Montgomery County Executive Isiah Leggett has budgeted $100,000 in the coming fiscal year for a program that lets community groups rent public space in downtown Silver Spring for events.
This would be the second year of funding for the Community Access Pilot Program, which started with $200,000 in the current fiscal year — half from Leggett, half from the Montgomery County Council.
Leggett’s new request is for the proposed fiscal year 2014 budget. The county council can either keep Leggett’s funding commitment in the budget, match his $100,000 allocation or abolish the program, officials said.
Of the $200,000 in the current fiscal year’s budget, about $135,000 is still available to community groups, said Ramona Bell-Pearson, assistant county chief administrative officer.
She said money was given to about 25 applications through the Community Access Pilot Program, which began in October 2012. The program provides grants to nonprofit groups unable to afford the rental fees at the Silver Spring Civic Building and Veterans Plaza.
“The primary purpose was to have assistance available to the community to gain access to using the building,” Bell-Pearson said Friday.
Because the funds were not available until October 2012 for the current fiscal year, Bell-Pearson said, applicants can get money for approved events after June 30 as long as their application is in by the deadline date.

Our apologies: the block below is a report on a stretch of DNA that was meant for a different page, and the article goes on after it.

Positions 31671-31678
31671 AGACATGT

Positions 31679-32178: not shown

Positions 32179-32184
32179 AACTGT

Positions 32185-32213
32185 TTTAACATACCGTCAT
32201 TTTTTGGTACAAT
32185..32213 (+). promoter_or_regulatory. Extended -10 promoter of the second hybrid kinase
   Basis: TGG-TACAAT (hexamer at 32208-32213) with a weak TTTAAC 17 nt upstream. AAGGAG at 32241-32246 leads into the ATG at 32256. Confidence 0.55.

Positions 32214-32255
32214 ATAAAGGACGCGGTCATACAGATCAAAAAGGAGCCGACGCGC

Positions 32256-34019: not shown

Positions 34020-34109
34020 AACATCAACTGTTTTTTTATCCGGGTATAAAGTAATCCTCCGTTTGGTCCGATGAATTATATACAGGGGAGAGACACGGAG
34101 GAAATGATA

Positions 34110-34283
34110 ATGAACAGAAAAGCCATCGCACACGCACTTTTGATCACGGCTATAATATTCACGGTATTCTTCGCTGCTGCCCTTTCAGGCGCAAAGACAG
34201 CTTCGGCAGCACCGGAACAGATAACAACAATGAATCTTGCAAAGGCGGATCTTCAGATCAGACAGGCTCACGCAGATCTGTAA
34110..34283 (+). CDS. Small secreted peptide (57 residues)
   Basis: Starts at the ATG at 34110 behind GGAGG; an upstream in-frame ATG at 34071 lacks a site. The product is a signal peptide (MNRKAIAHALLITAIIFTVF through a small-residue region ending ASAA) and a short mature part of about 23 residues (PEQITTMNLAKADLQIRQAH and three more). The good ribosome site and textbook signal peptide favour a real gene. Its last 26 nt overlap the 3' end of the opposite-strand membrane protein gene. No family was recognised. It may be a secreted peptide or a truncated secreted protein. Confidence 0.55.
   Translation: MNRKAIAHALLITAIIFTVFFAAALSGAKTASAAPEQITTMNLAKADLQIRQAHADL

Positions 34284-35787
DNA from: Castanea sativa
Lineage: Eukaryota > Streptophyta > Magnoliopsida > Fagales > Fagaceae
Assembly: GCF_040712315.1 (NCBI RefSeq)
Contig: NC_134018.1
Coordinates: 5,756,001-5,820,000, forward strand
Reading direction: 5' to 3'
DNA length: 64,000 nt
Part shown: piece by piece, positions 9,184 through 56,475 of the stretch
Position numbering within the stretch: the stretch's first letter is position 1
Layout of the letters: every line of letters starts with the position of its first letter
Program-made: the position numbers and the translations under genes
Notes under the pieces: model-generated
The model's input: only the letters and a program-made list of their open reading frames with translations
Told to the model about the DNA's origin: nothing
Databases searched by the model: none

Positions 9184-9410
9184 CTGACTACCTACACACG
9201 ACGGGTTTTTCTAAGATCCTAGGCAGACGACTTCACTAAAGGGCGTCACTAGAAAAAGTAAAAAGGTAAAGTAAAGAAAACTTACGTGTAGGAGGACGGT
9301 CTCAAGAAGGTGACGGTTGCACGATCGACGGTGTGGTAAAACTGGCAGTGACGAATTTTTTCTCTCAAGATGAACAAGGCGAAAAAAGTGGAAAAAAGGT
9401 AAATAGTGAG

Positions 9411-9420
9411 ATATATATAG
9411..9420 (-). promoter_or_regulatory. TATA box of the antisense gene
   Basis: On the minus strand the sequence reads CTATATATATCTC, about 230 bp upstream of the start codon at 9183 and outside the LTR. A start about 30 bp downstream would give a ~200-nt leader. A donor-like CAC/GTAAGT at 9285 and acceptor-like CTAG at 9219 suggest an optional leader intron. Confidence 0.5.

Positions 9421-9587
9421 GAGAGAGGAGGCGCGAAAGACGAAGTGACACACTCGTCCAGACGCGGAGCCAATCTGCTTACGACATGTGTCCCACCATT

Recipients are determined by a review committee that includes a member of the executive staff, a member of the council, a representative from the Regional Services Center and the building’s operation manager. Every applicant that has applied thus far has received at least partial funding, Bell-Pearson said.
Applicants are rated on a scale of up to 50 points based on not-for-profit status, need of financial assistance, how the event supports the county’s mission and how it serves county citizens. Bell-Pearson said whatever percentage applicants receive of the 50 points is the percentage of the requested money that they get.
So far, Bell-Pearson said, about $65,000 has been spent on events such as a community inauguration celebration, a couple dances organized based on folk music aimed at recognizing and supporting community diversity, and several festivals that have been approved for spring and summer.
Whatever funding is left over from the program after June 30 will go toward the upkeep of the building, Bell-Pearson said, including the upkeep of the hardwood floors and the restrooms.
She said her office is excited about the diversity of applicants.
“We are meeting different aspects of the community, and that was the executive’s objective all along,” Bell-Pearson said.